The Sarcasmonster

The king was once a prince and the prince was once bullied, 

He was mocked and mocked until jokes themselves were sullied.

So when he lost his father and was crowned king, 

He began to feel every joke was a barb aimed at him.

Little by little he stamped out all humour, 

Until the kingdom hushed, sombre and sober.

Jesters were banned, taverns fell silent, 

Laws were signed declaring jokes violent.

Yet in the great forest one would resist, 

Not on pain of death would this creature desist.

He travelled the forest bringing tears of laughter, 

And everywhere he went was a little lighter thereafter.

He cheered the grieving and lifted the glum, 

Performed slapstick for orphans and made bullies look dumb.

He derided everyone and everything, 

Not least of all their pompous King.

As his fame grew, so did his bounty, 

Until the king himself paid a visit to his county.

He accosted the monster on one of the forest’s green paths, 

And accused his adversary of illegal laughs.

“Well I made what jokes I could your grace, 

But the funniest thing in this wood must be your face”.

“And the only thing criminal is that outfit you’re wearing, 

A fool in fine velvet is really is an odd pairing.”

Needless to say the king was enraged, 

So he placed the Sarcasamonster in his very own cage.

He was dragged to the castle and placed on trial, 

Under the serious charge of causing a smile.

A gallows was built in the castle courtyard, 

And the people gathered so the case could be heard.

The monarch strode out and the people ceased their talk, 

The Sarcasamonster pranced behind, mocking the king’s snooty walk.

The king rounded on the beast and asked “How do you plead?, 

Have you any defence for your many a misdeed?”

The despot surveyed his subjects and felt rather smug, 

Oblivious entirely to the hole he had dug.

In a rare moment of sobriety and with a steely glare, 

The monster turned to the ruler and laid the facts bare.

The joke doesn’t happen in my mouth, it happens in your head, 

And any laughter is proof folks already knew what I said.

We can do our best to resist a smile, 

But the giggle we stifle shows we knew all the while.

And though no one wants to have fun poked at them,

laughing at ourselves is the best medicine.

If you don’t like the joke made at your expense, 

you could take the coward’s way out and find offence.

But you miss a moment to bond with another,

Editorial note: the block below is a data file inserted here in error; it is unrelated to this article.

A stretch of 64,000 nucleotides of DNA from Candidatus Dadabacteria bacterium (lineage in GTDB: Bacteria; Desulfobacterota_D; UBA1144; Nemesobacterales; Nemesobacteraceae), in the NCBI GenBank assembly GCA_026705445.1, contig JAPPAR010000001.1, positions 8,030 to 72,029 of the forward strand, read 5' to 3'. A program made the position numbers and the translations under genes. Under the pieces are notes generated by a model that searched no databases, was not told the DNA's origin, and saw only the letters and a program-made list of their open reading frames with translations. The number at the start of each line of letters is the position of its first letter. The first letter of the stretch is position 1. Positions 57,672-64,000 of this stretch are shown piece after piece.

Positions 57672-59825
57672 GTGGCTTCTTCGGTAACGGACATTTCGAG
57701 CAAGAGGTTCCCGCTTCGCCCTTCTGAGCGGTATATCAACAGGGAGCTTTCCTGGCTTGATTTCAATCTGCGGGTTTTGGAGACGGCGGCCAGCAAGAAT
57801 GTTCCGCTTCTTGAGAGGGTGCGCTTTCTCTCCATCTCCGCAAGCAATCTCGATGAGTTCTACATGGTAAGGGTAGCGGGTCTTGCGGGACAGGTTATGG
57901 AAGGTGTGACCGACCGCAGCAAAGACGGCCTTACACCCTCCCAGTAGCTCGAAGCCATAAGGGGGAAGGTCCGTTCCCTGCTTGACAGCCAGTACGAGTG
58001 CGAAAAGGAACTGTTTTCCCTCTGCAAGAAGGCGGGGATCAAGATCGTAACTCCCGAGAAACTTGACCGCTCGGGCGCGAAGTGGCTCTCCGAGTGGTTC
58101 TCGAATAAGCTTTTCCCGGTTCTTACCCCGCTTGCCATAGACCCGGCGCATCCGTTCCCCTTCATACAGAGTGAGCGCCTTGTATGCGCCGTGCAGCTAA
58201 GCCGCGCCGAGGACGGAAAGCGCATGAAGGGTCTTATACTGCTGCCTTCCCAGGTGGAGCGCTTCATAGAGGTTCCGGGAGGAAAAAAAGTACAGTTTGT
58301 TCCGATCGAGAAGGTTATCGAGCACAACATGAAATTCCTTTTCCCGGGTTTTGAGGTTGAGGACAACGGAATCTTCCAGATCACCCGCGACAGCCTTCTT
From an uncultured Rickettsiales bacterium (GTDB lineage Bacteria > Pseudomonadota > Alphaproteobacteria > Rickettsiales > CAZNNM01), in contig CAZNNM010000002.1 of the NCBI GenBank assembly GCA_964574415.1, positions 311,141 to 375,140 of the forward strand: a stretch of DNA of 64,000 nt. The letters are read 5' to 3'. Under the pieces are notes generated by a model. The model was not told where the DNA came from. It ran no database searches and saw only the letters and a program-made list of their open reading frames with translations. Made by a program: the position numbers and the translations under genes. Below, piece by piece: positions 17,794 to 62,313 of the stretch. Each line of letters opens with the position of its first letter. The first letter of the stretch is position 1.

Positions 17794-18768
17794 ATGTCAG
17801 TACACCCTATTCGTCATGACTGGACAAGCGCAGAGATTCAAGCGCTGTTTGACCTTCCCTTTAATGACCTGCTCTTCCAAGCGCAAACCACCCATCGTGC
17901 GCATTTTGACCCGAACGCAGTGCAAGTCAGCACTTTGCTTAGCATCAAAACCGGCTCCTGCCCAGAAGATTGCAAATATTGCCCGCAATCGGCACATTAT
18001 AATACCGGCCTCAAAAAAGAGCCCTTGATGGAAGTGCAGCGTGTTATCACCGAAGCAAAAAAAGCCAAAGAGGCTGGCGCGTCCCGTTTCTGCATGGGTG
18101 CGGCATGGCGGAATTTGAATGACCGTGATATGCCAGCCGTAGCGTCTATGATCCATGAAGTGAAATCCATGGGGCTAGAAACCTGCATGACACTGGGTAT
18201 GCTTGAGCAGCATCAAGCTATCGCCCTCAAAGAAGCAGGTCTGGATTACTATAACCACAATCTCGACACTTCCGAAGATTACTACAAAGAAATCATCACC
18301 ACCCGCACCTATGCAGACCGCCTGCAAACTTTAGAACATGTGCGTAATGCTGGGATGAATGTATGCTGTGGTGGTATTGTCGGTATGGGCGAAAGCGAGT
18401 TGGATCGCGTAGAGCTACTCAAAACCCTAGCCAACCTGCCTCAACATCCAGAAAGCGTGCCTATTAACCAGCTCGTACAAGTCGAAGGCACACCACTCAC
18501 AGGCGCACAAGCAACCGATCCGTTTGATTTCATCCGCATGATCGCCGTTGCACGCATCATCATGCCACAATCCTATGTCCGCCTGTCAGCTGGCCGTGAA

and miss out on the insight that humour can offer.

The monster paused staring up at the gallows and back to the king, 

Knowing full well what unrepentance would bring.

But his smile grew, as another joke came to mind, 

In the face of death courage was easy to find.

The Sarcasamonster believed in the depths of his soul, 

that he’d rather die laughing than live as half of a whole.

“Well your majesty, if you’d like me to be franker, 

I think I speak for us all when I say you’re a wanker”,

The people turned to their monarch hoping to take their cue from his face, 

Would it be it be anger there, fear or disgrace?

The moment stretched out for what seemed like forever, 

Until a quiet sound escaped his lips no one had heard, ever.

You see his brazen derision had caught the monarch by surprise, 

And a smile formed at the edge of the king’s eyes.

It morphed into a chuckle, then a snort, 

Becoming howls of laughter as he saw the funny side of the retort.

He fell to his knees and rolled about on the floor, 

He and his people, relieved, laughed until they could laugh no more.

After he’d laughed, then the king cried, 

As his harshness softened and a bad part of him died.

He begged his people’s pardon and promised the terror would end, 

And he embraced the Sarcasamonster: henceforth firm friends.

And the king treasured his jibes; and gave plenty back!

He came to see jokes as connection, instead of attack.

You see he wasn’t a monster, he was a friend in disguise, 

Who helped the king see the world through different eyes.

Photo by Bermix Studio on Unsplash

Leave a Reply

Fill in your details below or click an icon to log in:

WordPress.com Logo

You are commenting using your WordPress.com account. Log Out /  Change )

Twitter picture

You are commenting using your Twitter account. Log Out /  Change )

Facebook photo

You are commenting using your Facebook account. Log Out /  Change )

Connecting to %s

%d bloggers like this: